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There are all kinds of things married couples do to keep the sparks alive in a relationship, but the most important element, according to those who should know, is simple. You do what works.
That was the collective conclusion reached by three couples in the Lynn area who have all been married more than 50 years, and who agreed to offer insights into their relationships Friday on Valentine’s Day.
Some couples do everything together, while some can handle it, and some might even prefer it, if they’re allowed to go off on their own, or go out with friends.
“I want him to have his sports,” said Nancy Brothers about her husband, Dean. The Brothers will be celebrating their 60th wedding anniversary in June, and one of the keys, she said, is they give each other space to pursue their own interests.
“He loved to go out and play golf, and have his sports,” she said. “And I like to go shopping, and go to the theaters. I think it’s important to leave room for the other’s likes and interests.”
On the other hand, there are couples like Johnny and Barbara Walker, who decided, from Day One in their marriage, to display a fierce independence streak.
“We were married by a justice of the peace,” said Barbara, 77, who has been married to her husband for 55 years. “There was so much going on that we just decided ‘to heck with it.’
“So,” she said, “everything in this house we bought ourselves. We weren’t given anything.”
Valentine’s Day isn’t complete without stories of origin. For some, it was love at first sight while for others it was anything but.
“(Velma Parsons) gave me a chocolate ice cream cone at Doanes (in Swampscott),” said John Gambale. “I thought she was cute. Look at her. She’s still cute.”
“He took me home to Saugus,” said the now-Velma Gambale, who married her husband 70 years ago, in a double wedding ceremony with his sister, Nicolina and her husband, John Meere.
“We had the reception at a place called Shadowland on Union Street in Lynn,” he said. “We had ham sandwiches and free beer.”
Instant sparks might have flown for the Gambales, but it wasn’t quite that way for the Walkers.
“I was at a friend’s house on Groveland Street, in Lynn, and about a block away two kids got into a fight. We went over to watch, and he (Johnny Walker) was there,” Barbara Walker said,.
“At first, I wanted nothing to do with him,” she said. “We all piled into one car and went down to the beach, and he kept asking me for my phone number. And I wouldn’t give it to him. And I told my girlfriend not to give it to him either.”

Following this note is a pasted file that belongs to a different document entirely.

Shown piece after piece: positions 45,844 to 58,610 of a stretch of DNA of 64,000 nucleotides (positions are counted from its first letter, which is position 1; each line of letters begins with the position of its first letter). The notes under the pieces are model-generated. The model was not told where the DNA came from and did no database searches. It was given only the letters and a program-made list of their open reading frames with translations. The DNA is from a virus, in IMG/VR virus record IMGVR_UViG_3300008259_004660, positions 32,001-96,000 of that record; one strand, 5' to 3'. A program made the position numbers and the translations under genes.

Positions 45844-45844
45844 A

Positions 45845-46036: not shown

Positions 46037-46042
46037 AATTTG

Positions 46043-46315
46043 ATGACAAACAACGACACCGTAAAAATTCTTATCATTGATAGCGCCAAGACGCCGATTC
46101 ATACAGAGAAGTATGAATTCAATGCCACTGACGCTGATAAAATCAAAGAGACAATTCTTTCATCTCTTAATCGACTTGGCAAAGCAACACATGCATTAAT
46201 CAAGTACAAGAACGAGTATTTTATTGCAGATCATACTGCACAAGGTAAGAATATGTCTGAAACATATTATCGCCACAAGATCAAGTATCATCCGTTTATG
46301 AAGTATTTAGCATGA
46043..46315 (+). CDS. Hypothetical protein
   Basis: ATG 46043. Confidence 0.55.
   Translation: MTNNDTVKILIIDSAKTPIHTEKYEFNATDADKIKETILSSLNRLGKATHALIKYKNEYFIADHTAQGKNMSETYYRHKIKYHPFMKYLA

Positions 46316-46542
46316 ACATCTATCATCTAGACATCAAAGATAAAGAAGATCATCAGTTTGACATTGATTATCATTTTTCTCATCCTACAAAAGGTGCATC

But Johnny persisted, and the girlfriend finally relented.
That was in 1959, the year Johnny (who, despite his name, does not drink scotch) graduated from Everett High. Five years later, they were married.
The Brothers met at the old Willey House in Swampscott, on Humphrey Street. They began dating almost immediately.
“We pretty much committed to one another right away,” said Nancy Brothers, “and we got married in 1960.”
Circumstances differed vastly among the three couples. Gambale was just coming out of the Navy when he got married, “and I had $300 muster pay, and used it to buy this land (on Buena Vista Street) from Durkee Mower with it. Been here ever since.”
The last of the three couples to get married were the Walkers (1964) and music played a big part then — as it does now.
They are both devotees of “doo-wop” music, and basement that is a veritable treasure trove of memories, such as Johnny’s model cars, and snapshots of his brother, who played guitar with Lou Rawls. Barbara was among the throngs of people who went to Manning Bowl in 1966 to see the Rolling Stones (“I always preferred them over the Beatles”).
Where was Johnny?
“Working for the MBTA,” he said. “That’s what I did until I retired.”
The Walkers have a playful relationship, which, Johnny says, is an extension of their belief that “to have a good relationship, you have to be friends first,” which is something the Gambales also echo.
“We’re very rarely apart for too long,” Barbara Walker said. “We travel together, and by ourselves, because we don’t want to be tied into what everybody else wants to do. It’s just easier for us that way.”
Gambale gave an even easier formula for success.
She’s the boss,” he said. “She raised our three kids (John Carol and Donna). I worked six days a week, 10 hours a day as a landscaper and plowing and shoveling snow. She raised the kids.”
Velma Gambale also cautioned, “you have to be good friends, be good communicators, be nice parents, and nice neighbors.”
“Never go to bed mad at each other,” John Gambale said. “That’s important.”